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Stomach and Intestinal Cancer (Leiomyosarcoma) in Dogs

Leiomyosarcoma of Stomach, Small and Large intestine in Dogs

Leiomyosarcoma, a rare cancerous tumor, originates from the smooth muscles of the stomach and intestines in dogs. This condition poses significant danger and discomfort, particularly afflicting older dogs, typically over six years of age. Interestingly, all breeds are equally susceptible to leiomyosarcoma. Furthermore, this cancer tends to spread to various locations within the gastrointestinal tract and other organs in the body.

Symptoms

The symptoms and types of leiomyosarcoma primarily manifest in the gastrointestinal tract, presenting as:

  • Vomiting
  • Weight loss
  • Diarrhea
  • Presence of blood in stool (hematochezia)
  • Gas (flatulence)
  • Audible stomach growling or rumbling sounds (borborygmus)
  • Sensation of incomplete defecation (tenesmus)

Causes

The precise cause of this cancer remains unknown at present.

Diagnosis

For diagnosis, your veterinarian will gather a comprehensive history of your dog’s health, including the onset and characteristics of the symptoms. A thorough physical examination will be conducted, along with tests such as a biochemistry profile, urinalysis, and complete blood count (CBC). While these tests typically yield results within normal ranges, advanced cases of the disease may exhibit abnormalities such as anemia, leukocytosis (an abnormally high number of white blood cells), and hypoglycemia (abnormally low glucose levels).

Additional diagnostic procedures include abdominal X-rays and ultrasounds to detect changes in the stomach and intestinal walls, such as thickening. Contrast radiography is employed to enhance tissue visualization and pinpoint the tumor’s location. Endoscopy serves as a valuable tool for direct visualization of affected areas. During this procedure, an endoscope—a flexible or rigid tube—is inserted into the esophagus down to the stomach and intestines. The veterinarian visually examines the region and obtains a biopsy sample from the affected area (stomach and/or intestine) to confirm the diagnosis.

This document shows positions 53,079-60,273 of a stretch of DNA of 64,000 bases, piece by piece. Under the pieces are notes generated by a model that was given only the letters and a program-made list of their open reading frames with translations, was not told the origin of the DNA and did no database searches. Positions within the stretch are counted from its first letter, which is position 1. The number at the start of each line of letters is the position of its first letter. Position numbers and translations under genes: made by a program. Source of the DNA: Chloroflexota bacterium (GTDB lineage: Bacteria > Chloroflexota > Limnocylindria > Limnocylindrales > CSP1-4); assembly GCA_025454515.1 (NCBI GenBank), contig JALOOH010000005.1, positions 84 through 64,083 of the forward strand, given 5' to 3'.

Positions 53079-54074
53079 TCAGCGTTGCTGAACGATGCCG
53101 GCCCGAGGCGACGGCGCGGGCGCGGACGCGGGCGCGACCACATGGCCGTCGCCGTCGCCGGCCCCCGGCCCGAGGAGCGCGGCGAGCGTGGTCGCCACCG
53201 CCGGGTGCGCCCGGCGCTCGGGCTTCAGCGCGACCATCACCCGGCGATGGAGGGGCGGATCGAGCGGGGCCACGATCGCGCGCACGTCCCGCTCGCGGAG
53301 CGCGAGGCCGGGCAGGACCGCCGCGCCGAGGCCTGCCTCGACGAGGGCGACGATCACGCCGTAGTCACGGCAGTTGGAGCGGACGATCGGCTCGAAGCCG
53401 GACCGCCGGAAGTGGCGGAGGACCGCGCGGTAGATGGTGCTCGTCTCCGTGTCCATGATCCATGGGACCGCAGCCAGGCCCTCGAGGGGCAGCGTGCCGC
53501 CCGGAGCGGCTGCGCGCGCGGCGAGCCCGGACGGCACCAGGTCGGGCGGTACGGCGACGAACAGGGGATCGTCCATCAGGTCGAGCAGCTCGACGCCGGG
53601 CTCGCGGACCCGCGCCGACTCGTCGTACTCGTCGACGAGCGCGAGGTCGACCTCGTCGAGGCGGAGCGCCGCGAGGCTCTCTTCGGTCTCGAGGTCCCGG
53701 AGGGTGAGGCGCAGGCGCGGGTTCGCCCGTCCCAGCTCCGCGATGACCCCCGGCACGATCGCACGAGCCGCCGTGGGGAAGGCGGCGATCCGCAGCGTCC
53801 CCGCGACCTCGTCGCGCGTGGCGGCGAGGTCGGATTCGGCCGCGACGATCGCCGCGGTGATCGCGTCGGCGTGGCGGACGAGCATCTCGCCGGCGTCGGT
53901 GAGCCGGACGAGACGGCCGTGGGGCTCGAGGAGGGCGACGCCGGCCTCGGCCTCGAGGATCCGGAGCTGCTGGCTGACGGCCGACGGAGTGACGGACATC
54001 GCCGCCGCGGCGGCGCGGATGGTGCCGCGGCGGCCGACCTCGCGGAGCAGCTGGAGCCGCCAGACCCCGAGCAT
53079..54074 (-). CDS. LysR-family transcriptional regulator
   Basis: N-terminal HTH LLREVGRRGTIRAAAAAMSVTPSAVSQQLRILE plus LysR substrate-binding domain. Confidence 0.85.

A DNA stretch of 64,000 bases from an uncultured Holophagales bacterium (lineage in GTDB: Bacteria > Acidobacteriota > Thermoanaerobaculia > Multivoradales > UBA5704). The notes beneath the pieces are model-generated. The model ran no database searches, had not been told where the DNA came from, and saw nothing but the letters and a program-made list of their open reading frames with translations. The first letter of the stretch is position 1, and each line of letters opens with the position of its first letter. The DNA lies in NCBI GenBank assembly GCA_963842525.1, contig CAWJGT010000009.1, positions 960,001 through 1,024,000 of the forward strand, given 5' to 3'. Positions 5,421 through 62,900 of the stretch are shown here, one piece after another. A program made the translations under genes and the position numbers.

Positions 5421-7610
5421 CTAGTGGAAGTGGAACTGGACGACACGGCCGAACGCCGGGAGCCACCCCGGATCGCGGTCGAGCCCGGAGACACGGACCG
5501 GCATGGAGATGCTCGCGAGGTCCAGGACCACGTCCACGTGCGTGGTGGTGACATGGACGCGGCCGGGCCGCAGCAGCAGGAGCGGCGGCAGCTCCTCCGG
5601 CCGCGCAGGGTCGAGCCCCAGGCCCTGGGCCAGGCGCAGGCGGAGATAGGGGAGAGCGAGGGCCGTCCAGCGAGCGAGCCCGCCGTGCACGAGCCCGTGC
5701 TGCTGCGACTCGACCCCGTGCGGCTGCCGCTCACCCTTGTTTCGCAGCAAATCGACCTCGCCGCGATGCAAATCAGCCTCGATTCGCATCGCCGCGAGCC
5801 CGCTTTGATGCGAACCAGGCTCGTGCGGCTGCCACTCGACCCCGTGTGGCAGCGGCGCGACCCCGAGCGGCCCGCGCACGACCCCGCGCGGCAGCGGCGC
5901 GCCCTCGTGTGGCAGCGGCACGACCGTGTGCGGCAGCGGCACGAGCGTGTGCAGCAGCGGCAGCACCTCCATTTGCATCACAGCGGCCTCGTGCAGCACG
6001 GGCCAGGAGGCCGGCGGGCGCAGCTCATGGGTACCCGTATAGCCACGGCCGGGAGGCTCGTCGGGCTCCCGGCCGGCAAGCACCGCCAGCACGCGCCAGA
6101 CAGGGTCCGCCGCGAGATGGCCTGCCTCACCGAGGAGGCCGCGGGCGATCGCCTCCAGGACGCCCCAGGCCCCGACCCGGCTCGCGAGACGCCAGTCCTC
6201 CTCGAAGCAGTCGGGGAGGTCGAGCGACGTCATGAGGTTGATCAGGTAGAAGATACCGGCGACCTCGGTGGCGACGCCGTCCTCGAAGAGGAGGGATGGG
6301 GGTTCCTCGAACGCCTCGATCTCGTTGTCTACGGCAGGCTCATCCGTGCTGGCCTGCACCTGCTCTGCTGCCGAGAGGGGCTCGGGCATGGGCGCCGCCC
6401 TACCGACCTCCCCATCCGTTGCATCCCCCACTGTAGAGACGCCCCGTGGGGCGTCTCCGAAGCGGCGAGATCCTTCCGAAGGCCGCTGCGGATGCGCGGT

Treatment

The primary treatment option is surgery, which entails the removal of the tumor mass along with surrounding normal tissue. However, the prognosis heavily relies on the extent of metastasis, particularly in organs like the liver.

Living and Management

In cases where metastasis has spread to other body organs, the prognosis is notably grim, with survival typically lasting only a few months. Surgery might enhance survival rates in certain cases, necessitating the complete removal of the tumor mass. After surgery, regular checkups, X-rays, and abdominal ultrasounds every three months are essential. Some dogs may require specialized easily digestible diets and pain medication to alleviate discomfort. It’s crucial to diligently follow the veterinarian’s instructions and monitor the dog for signs of vomiting, diarrhea, abdominal distention, and abdominal pain, which could indicate tumor recurrence.

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